Ralph Nader was an important progressive voice … fifty years ago. (More)

Dear Ralph Nader,

You used to be an important voice. Like, half a century ago. For perspective, the world’s oldest Twinkie was preserved as a science project in 1976 … 11 years after your book was published.

Put another way, you were an important voice way back before Watergate. Before Woodstock and the Apollo 11 moon landing and the assassinations of Dr. Martin Luther King Jr. and Robert F. Kennedy. Before the U.S. Supreme Court overturned anti-miscegeny laws in Loving v. Virginia and Thurgood Marshall became the first black U.S. Supreme Court Justice. Before construction began on the first World Trade Center and the National Organization for Women was founded and Robert Weaver became the first black presidential cabinet secretary.

Yes, you were an important voice right about the time President Lyndon Johnson sent U.S. Marines to Vietnam, when John McCormack was Speaker of the House and Mike Mansfield was the Senate Majority Leader, when Herzog topped the New York Times bestseller list, the Beatles’ “Eight Days a Week” topped the Billboard charts, The Sound of Music topped theatre box office receipts, and Bonanza topped the Nielson ratings.

What I’m saying is … five decades is a long time.

So really, enough with blather like this:

When asked what positive contributions Clinton has made to the 2016 campaign, Nader called her a “corporatist, militarist Democrat” who would have been defeated by Sanders if every state held an open primary.

“She’s going to win by dictatorship. Twenty-five percent of superdelegates are cronies, mostly. They weren’t elected. They were there in order to stop somebody like Bernie Sanders, who would win by the vote,” he says.

To date, Clinton has captured 3 million more total votes than Sanders, but Nader argues the results would be different if independents were allowed to participate in each state.

In fact, Clinton has won 13 of the 19 open primaries, including Illinois, Missouri, Ohio, North Carolina, Texas, and Virginia. Conversely, 11 of Sanders’ 20 wins have come in low-turnout caucuses. Clinton isn’t winning by “dictatorship,” unless you consider primary and caucus voters “dictators.”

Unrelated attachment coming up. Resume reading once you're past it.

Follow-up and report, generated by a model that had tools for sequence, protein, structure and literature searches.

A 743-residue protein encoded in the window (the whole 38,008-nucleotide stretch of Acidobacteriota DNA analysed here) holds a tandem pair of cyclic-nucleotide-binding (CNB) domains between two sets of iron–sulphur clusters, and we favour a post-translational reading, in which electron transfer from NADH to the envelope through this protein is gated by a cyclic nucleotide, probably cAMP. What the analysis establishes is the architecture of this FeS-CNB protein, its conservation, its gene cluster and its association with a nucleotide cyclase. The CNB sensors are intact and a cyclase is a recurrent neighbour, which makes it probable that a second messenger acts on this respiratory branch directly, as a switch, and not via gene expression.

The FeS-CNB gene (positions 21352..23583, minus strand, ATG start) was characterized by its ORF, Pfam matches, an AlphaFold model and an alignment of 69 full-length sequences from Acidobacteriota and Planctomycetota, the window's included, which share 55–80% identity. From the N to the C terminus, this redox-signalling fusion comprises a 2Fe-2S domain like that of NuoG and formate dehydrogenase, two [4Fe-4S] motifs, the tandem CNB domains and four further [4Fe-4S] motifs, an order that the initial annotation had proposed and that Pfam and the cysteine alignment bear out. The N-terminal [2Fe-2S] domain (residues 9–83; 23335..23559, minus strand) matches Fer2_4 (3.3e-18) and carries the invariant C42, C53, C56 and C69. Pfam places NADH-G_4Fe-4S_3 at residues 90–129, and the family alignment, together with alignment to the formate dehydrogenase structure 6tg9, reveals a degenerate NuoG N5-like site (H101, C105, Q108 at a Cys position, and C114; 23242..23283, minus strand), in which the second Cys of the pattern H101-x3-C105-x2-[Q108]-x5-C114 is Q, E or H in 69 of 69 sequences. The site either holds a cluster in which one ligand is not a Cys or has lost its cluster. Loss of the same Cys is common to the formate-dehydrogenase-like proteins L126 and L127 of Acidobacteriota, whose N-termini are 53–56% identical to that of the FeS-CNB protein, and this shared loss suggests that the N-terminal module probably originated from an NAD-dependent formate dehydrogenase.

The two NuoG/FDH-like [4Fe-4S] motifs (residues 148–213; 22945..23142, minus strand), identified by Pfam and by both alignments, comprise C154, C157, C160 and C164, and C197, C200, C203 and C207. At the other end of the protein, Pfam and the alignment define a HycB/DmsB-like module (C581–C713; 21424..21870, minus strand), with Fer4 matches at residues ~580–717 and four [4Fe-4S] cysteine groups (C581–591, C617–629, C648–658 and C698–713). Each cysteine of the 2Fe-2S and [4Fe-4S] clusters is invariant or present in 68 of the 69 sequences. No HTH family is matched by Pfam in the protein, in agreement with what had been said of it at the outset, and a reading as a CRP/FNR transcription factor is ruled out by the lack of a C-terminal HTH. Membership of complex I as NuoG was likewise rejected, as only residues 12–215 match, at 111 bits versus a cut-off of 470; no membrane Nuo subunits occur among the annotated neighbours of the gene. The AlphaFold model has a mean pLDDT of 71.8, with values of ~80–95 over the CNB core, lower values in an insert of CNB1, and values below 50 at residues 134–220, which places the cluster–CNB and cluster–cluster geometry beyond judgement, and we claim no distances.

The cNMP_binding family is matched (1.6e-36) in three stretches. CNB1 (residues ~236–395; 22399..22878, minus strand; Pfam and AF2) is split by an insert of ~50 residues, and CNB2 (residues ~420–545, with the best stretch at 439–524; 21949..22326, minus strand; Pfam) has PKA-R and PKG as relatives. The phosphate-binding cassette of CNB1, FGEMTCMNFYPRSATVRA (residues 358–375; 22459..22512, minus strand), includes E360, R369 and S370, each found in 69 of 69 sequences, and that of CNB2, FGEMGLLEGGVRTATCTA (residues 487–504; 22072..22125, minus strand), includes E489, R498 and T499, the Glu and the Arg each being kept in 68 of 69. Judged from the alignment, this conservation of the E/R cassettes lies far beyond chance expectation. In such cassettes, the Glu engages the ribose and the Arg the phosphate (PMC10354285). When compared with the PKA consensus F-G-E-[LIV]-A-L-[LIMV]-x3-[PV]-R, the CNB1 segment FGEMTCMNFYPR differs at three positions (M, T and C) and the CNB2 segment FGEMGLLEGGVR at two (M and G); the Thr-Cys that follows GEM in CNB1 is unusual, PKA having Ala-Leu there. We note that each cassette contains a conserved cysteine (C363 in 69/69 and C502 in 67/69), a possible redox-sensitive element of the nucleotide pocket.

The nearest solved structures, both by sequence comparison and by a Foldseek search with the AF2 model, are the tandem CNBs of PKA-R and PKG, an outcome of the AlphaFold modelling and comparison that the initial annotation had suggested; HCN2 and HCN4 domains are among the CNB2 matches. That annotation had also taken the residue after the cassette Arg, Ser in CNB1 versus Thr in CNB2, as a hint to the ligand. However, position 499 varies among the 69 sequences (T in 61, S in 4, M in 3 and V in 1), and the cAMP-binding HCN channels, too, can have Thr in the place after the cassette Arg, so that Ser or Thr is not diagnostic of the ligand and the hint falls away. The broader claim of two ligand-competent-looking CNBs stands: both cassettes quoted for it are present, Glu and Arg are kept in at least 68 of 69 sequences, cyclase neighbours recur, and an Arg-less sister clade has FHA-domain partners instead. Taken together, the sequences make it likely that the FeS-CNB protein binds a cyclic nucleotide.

You started attacking Clinton back in 2014, right after the midterms, and you were scolded about it by Ann Brown, former chair of the Consumer Product Safety Commission, the agency you helped to form way back when you were still fresh. She reminded you of the damage you helped inflict on this country in 2000:

It was 2001. A kid’s best friend had shot him in the head with what he thought was an unloaded Daisy BB gun. Why? A “design flaw” that would cost about $2 per gun to fix. Fifteen children had been killed by the guns. But the company wouldn’t recall the guns.

George Bush had just been elected president. I was on my way out, but I authorized a lawsuit to make the company do the right thing.

Too late. In came my George W. Bush-appointed successor. Against every staff recommendation he decided to just give them a warning.

She listed dozens of other consumer disasters during the Bush administration. She mentioned only in passing the greatest disaster of all, the Iraq War. And then she added this:

And during my time at the CPSC, there was one person whose interest in the consumer went beyond politics: Hillary Clinton.

I remember when we invited her to attend an event focused on cribs in day care centers. We needed to publicize how many centers had old cribs that could suffocate infants.

“Where and when?” she asked. She stayed well past the time she had to leave, listening to parents who had lived through tragedy. Her concern – her passion – was real.

Do yourself and the world a favor. Take a close look at today’s logo. It’s a photo of you with your mouth shut. Please practice that pose, so you know how to respond the next time some reporter approaches you.

Like that Twinkie, you’re way past your sell-by date.


Photo Credit: Brendan Smialowsky (Getty Images)


Good day and good nuts